The Government proposes to introduce tighter regulations and stricter planning procedures to help reduce the presence of controversial loan companies. It says there are about 180 to 200 payday lenders on Scotland's high streets.
It plans to set up a new Financial Health Service that will offer money advice services and promote credit unions.
Local Government Minister Derek Mackay said: "Payday loan companies are not only blighting our high streets but are exposing people to financial credit they just cannot afford."
Mr Mackay, who claimed the new measures were a step in the right direction, said councils would be able to prevent groups of payday lenders setting up near each other.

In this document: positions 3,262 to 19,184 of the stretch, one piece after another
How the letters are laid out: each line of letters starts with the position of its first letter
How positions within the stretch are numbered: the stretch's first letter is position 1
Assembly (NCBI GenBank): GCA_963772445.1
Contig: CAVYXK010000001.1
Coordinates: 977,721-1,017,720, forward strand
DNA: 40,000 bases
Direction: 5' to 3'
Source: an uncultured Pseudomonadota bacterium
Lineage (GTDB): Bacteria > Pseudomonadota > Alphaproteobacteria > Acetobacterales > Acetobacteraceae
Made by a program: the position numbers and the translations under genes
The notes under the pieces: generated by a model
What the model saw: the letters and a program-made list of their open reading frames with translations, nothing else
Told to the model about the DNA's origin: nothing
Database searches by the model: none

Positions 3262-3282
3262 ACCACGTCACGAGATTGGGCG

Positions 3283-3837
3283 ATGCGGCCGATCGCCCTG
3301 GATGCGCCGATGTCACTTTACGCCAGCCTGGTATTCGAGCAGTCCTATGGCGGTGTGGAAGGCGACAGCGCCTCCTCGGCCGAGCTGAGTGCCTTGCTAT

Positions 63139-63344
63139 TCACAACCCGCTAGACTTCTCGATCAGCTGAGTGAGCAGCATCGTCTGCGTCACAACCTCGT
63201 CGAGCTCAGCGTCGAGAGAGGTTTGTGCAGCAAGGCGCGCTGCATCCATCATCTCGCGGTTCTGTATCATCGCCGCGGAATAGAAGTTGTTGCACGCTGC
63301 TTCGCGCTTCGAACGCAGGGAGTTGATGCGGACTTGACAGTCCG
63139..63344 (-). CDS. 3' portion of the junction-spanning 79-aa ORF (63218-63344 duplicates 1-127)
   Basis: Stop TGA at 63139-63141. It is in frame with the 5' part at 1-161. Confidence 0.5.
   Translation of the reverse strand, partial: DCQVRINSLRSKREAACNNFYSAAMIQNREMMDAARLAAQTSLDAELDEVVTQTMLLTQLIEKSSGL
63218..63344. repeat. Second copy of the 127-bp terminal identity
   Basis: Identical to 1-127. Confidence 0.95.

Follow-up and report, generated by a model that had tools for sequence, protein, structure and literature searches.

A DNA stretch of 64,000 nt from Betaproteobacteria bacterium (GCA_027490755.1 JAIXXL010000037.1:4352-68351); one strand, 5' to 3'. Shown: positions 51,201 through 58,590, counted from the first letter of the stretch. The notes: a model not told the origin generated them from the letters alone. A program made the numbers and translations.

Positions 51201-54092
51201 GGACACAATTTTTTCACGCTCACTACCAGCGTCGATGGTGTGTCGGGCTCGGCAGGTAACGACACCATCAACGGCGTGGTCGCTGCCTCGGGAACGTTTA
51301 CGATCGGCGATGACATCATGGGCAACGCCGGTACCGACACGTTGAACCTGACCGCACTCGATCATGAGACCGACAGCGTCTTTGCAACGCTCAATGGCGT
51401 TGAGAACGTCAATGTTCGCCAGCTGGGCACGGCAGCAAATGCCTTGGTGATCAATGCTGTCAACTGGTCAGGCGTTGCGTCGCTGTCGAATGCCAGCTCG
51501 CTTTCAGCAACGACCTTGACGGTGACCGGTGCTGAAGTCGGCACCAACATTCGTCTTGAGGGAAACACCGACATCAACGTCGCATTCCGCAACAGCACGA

There will also be controls on betting shops opening beside payday loan firms.
Glasgow has been leading the way in clamping down on payday lenders and city treasurer Paul Rooney criticised the delay in the Government moves.
He said: "When at least 100,000 Glaswegians are using this kind of credit - borrowing £57 million every year - taking six months to decide you will have a think about it in 2016 is not good enough.
"At a local level, we are working hard to support sustainable credit and savings and the new Financial Conduct Authority is coming forward with plans to cut the most irresponsible lenders out of the market."